Preparing for winter finishing on calf-to-beef farm

On beef farms across Ireland, preparation for winter finishing is well underway as animals are housed and settling into their new diets.

Farming in Mount Temple, Moate, Co. Westmeath, Irvine Allen – a participant in the Teagasc Green Acres Calf to Beef Programme – is an example of one such farmer who is beginning to prepare his animals for finishing in the coming months.

Irvine rears approximately 120 Holstein Friesian bull calves each spring. These animals are carried right through to slaughter from 21-30 months-of-age – with the majority being processed as they approach 28-30 months-of-age.

Before enrolling into the Green Acres programme in spring 2019, Irvine had been rearing a mixture of autumn and spring-born Holstein Friesian bull calves, alongside early-maturing bulls and heifers. These animals were brought through to finish from 24-30 months-of-age.

As a result of previously operating this system, the last of Irvine’s early-maturing heifers and bullocks are now currently being finished.

Housing of finishing cattle

Currently on-farm, there is a total of 30 early-maturing heifers that are being primed for slaughter. This group consists of 12 autumn-born and 18 spring-born 2019 females.

Ideally, these heifers should have been finished off-grass this autumn, which would have led to shed space being used for wintering more young stock, rather than fattening cattle.

However, during the period of sourcing calves back in the autumn of 2018 and the spring of 2019, Irvine had some issues in purchasing calves with qualities that matched his criteria.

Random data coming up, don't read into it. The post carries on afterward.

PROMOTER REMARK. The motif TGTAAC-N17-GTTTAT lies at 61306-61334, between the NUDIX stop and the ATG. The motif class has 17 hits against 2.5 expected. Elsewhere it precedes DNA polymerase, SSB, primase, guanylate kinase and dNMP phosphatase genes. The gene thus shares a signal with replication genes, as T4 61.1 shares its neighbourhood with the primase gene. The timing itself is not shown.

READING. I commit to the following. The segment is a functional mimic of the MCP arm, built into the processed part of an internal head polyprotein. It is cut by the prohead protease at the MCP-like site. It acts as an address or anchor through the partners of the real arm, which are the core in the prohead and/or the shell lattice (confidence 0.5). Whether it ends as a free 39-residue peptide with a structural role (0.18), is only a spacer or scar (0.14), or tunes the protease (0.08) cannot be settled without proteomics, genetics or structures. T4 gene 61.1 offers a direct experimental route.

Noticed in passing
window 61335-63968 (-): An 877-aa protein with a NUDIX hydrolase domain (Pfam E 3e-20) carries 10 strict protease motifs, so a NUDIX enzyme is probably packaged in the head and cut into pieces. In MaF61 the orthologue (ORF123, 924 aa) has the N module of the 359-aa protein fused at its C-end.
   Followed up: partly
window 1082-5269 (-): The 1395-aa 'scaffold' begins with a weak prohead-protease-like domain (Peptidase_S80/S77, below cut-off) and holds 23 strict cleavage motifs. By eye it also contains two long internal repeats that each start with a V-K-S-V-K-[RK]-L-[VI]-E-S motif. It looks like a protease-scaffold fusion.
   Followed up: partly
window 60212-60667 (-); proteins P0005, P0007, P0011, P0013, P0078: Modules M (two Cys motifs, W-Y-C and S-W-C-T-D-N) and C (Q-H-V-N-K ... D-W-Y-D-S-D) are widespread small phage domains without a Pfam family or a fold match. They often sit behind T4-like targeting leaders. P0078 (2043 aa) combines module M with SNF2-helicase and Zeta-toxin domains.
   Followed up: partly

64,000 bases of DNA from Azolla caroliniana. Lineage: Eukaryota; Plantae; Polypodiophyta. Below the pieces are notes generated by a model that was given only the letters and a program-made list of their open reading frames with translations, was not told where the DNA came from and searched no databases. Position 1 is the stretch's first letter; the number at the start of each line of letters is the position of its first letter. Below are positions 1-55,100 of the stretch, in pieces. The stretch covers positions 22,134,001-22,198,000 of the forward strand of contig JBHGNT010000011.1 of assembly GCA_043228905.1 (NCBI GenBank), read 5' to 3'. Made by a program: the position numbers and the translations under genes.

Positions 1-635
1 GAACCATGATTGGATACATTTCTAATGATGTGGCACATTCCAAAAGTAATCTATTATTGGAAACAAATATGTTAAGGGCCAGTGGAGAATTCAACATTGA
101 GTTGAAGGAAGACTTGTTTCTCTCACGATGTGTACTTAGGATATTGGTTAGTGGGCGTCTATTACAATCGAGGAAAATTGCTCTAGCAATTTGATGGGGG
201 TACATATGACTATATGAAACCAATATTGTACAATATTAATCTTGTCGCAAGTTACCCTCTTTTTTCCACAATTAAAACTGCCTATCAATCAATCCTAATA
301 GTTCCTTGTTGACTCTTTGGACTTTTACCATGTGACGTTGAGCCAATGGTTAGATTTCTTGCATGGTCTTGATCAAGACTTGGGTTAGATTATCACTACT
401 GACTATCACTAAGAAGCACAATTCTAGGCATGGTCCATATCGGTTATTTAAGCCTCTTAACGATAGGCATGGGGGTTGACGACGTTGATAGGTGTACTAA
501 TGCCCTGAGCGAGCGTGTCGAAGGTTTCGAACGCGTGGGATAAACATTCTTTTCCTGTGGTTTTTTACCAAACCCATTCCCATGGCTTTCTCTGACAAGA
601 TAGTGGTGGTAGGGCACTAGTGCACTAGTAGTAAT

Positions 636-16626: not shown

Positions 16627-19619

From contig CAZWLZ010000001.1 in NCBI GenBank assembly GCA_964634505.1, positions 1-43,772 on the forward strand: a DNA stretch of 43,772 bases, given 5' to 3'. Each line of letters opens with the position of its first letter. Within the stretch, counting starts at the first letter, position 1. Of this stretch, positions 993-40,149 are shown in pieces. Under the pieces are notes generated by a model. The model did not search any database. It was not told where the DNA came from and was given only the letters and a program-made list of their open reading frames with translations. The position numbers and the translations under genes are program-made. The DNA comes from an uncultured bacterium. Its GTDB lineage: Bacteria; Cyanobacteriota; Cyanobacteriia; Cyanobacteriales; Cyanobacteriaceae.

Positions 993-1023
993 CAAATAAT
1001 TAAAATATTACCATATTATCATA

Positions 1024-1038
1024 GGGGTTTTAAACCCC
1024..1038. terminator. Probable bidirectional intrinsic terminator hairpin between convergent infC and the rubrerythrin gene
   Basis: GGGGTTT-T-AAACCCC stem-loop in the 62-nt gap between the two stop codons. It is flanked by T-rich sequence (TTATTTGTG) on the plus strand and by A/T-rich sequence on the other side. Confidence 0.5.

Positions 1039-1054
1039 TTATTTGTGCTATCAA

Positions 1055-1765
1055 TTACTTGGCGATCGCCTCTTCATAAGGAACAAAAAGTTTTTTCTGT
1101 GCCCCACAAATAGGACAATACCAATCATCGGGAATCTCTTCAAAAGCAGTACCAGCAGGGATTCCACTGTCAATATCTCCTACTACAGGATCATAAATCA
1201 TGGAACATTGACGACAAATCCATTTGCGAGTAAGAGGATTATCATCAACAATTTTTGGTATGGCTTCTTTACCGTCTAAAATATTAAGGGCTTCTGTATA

As a result, some of these animals underperformed and missed their target slaughter weight and date – which delayed the finishing period until after housing.

The aim for these females is to reach a carcass weight of 280kg and 245kg for the autumn and spring-born heifers, respectively. To achieve this, a target average daily live weight gain (ADG) of 1kg/day has been set for all heifers prior to slaughter before the end of the year.

Fattening and storing steers

There are also 17 autumn-born 2018 steers remaining to be finished on the farm. This group is made up of 14 Holstein Friesian steers, with the remaining three being early-maturing.

These steers encountered a similar issue to the heifers, in that they underperformed and failed to meet their target lifetime ADG of 0.8kg/day prior to housing. Over the finishing period, these steers have been set an ADG target of 1.1kg/day.

As seen in the table (below), this should result in these males reaching an average carcass weight of 320kg in early-February.

Once this group has been finished, a total of 18 spring-born 2019 steers will be the last of the older cattle groups remaining on the farm.

The plan for these bullocks is to be stored over the winter period and return to grass next spring. These will then be finished once they reach close to 28-30 months old.

The reasoning behind retaining this group of steers over the winter and allowing them back out to grass was based on a number of factors.

The number one factor being that it will aid the farm’s cash flow, during a stage where sales would be limited.

A second reason was their failure to meet a target housing weight of 510kg – as they were recorded being, on average, 480kg when weighed on November 4.

By storing these steers over the winter, it will allow them to gain a minimum target of 0.5kg/day and provides Irvine with a heavy enough animal to finish off-grass in the spring.

Finally, it allows for the cost of concentrate spending during the winter to be alleviated slightly, with more focus being placed on animals that can generate a heavy carcass.

Finishing diets

During the finishing period, Irvine will provide his heifers with a diet consisting of grass silage, straw, concentrate and fodder beet.

Like many finishing farmers, keeping the cost of feed margin as low as possible is a key target. As can be viewed in table (below), Irvine’s diet for his heifers is costing approximately, on average, €1.74/head/day.

This diet is formulated to provide an energy density of 0.96 UFV/kg DM.

Comparing this to the steers’ diet, an average cost per head is calculated to be €1.93/day. This diet consists of an energy density of 0.92 UFV/kg DM.

Lower levels of concentrates are being offered to the steers in comparison to the heifers, due to the inclusion of fodder beet in their diet.

Also Read: Making beef and tillage enterprises work hand-in-hand